This morning we celebrated the High Mass of the Dedication of Saint Hilda's Church, a hundred and four years ago. It is showing, in parts, so we hope that the continual improvements will fit the building for another hundred or so years. We used the gothic gold High Mass set given in memory of Michael Greenwood, one time Churchwarden. We have had a generous donor covering the costs of the two icons at the Holy Souls Chapel, so they will be ordered tomorrow, along with a painted board to go down the side of the Chapel with part of the Panikhida for the departed and the names of the parents of the donor. Next Sunday will be the last green Sunday of the year, Canon Denby will hopefully be presiding, before All Saints the week after, Remembrance Sunday and the Patronal Festival give way to Christ the King, when we hope Fr John Gribben from the Community of the Resurrection in Mirfield will preach. We hope that the black catafalque cover will double up as an altar frontal on Remembrance Sunday, not having a catafalque on that day as we do not want to scare the natives! Next Sunday will have Solemn Evensong and Benediction in the evening at 6pm.
This week was the 60th birthday of Ken Savage, one of our Churchwardens. He is seen here with Maryrose, the other Churchwarden, cutting his cake which is, as you can see, in the shape of a coach. Ken has dedicated his life to the Anglo-Catholic wing of the Church and to buses, so a bus-shaped cake after High Mass seemed a pretty good way to celebrate his birthday! All together now, 'gosh, Ken, you don't look your age!'. Yet. We also welcomed a new server today as well, Matthew, who is used to better things at the Cathedral, but has decided to make us his home along with his Mother. So we are doubly blessed and hopefully will soon have the ability to return to having acolytes at every Mass. We could still do with one or two more, though, as we could do with a couple more choristers. Coffee and the occasional bus shaped cake are provided.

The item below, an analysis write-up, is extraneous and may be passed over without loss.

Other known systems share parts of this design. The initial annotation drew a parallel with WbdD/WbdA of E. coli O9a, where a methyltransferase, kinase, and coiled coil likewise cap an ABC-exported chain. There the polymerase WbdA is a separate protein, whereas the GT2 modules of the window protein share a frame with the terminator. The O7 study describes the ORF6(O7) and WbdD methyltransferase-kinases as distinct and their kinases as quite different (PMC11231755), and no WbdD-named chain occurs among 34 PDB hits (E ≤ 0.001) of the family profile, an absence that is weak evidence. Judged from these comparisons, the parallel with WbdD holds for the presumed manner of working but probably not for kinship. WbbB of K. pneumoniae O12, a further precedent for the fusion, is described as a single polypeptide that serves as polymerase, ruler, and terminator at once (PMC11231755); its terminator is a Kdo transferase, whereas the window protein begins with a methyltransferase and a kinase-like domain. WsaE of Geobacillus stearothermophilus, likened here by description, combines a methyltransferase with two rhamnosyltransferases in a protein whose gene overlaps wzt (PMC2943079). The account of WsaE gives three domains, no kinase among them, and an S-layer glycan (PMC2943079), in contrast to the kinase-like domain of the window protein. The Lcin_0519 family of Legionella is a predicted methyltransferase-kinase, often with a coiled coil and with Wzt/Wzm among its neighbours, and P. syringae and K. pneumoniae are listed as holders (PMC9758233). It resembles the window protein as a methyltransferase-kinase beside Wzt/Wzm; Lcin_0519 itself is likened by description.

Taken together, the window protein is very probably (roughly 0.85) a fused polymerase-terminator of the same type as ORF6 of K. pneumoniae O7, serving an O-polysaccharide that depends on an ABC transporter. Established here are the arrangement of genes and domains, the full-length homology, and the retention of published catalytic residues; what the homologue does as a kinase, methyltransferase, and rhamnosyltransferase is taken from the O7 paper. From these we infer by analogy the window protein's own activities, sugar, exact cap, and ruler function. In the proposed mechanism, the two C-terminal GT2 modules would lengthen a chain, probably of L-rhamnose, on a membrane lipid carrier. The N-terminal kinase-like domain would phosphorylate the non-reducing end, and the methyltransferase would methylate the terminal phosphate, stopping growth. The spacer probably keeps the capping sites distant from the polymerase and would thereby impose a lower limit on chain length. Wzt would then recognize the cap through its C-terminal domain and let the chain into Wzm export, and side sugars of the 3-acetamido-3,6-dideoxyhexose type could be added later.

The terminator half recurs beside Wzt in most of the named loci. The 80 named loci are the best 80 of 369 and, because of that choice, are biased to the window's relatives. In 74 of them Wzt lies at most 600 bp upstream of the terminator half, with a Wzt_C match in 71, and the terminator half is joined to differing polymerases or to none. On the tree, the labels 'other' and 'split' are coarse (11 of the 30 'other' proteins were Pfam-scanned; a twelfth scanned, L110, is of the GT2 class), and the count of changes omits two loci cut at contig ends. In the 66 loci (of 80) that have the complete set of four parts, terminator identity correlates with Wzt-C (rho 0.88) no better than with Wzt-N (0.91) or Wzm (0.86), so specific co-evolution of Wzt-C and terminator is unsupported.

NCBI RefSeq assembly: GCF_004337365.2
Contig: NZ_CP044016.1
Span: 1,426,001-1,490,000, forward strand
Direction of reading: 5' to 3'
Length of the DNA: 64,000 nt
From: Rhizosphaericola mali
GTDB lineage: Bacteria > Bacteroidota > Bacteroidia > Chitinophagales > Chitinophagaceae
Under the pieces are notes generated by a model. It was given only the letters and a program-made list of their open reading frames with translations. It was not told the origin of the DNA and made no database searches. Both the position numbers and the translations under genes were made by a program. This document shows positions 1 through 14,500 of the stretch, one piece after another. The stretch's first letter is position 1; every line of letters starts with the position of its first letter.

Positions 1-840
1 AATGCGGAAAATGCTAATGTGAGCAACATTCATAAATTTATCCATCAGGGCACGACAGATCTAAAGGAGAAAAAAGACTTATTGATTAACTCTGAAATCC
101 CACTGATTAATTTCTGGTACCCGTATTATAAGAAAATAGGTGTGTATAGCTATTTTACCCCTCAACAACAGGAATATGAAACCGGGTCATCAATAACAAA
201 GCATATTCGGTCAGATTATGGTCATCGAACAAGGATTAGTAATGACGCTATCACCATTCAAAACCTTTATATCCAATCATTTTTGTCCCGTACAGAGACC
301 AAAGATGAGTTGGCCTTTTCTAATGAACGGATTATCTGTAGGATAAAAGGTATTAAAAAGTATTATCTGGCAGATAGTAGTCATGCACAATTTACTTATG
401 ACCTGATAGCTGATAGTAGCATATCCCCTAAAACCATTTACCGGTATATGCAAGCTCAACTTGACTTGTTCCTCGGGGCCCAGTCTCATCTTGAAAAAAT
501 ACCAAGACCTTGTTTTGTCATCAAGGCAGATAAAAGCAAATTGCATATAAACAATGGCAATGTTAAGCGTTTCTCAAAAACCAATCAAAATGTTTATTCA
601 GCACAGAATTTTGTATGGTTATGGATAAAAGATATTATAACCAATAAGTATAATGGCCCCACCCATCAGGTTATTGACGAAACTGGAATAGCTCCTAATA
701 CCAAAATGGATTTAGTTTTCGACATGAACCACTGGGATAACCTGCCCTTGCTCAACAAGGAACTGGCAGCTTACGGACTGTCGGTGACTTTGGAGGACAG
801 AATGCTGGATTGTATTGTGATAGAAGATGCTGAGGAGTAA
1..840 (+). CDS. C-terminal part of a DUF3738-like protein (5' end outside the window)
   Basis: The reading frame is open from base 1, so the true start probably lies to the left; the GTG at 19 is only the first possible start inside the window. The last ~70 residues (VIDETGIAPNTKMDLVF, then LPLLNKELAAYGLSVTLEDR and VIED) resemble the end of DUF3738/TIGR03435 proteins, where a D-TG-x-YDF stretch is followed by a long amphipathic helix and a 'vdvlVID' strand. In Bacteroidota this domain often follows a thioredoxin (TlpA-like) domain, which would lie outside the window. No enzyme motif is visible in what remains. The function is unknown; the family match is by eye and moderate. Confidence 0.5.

On Saturday morning I went for a walk in Hardcastle Crags, a notoriously craggy, hilly valley near Hebden Bridge. The river was racing with all the rain there has been recently, which powers the turbines at the Mill at the end of the valley, which is completely cut off from the mains supplies, generating it's own power from the sun and the river, dispersing it's own waste and charging a fortune for bought in parsnip soup in the cafe. The river walk is fantastic though, if rather challenging in parts on a wet day, with a ground full of slippy leaves.
The evening was spent in the far more rarefied surroundings of La Boheme near Lymm celebrating my Cousin David's 40th birthday. He can be seen in the second picture standing up making a speech. Your scribe, naturally, was surrounded by glamorous women at the other end, amazing them with tales of 'maniples I have known' and 'High Mass, whither the gradual hymn?' You can see my Uncle Ged in the first picture guarding the door to the restaurant. Everyone else, when I arrived, was in the pub over the road getting tanked up on the cheaper beer available there. Being a Saturday and being in the car, I was limited to a glass of Ricard and a glass of wine. The sacrifices I make!
On a more serious note, you will be glad to know that, after a treble heart bypass, Father Norman Price, our associate Priest, is recovering well. He had a very difficult couple of days after the operation but is now improving fast. He hopes to be home tomorrow, although will be confined to bed for some time yet.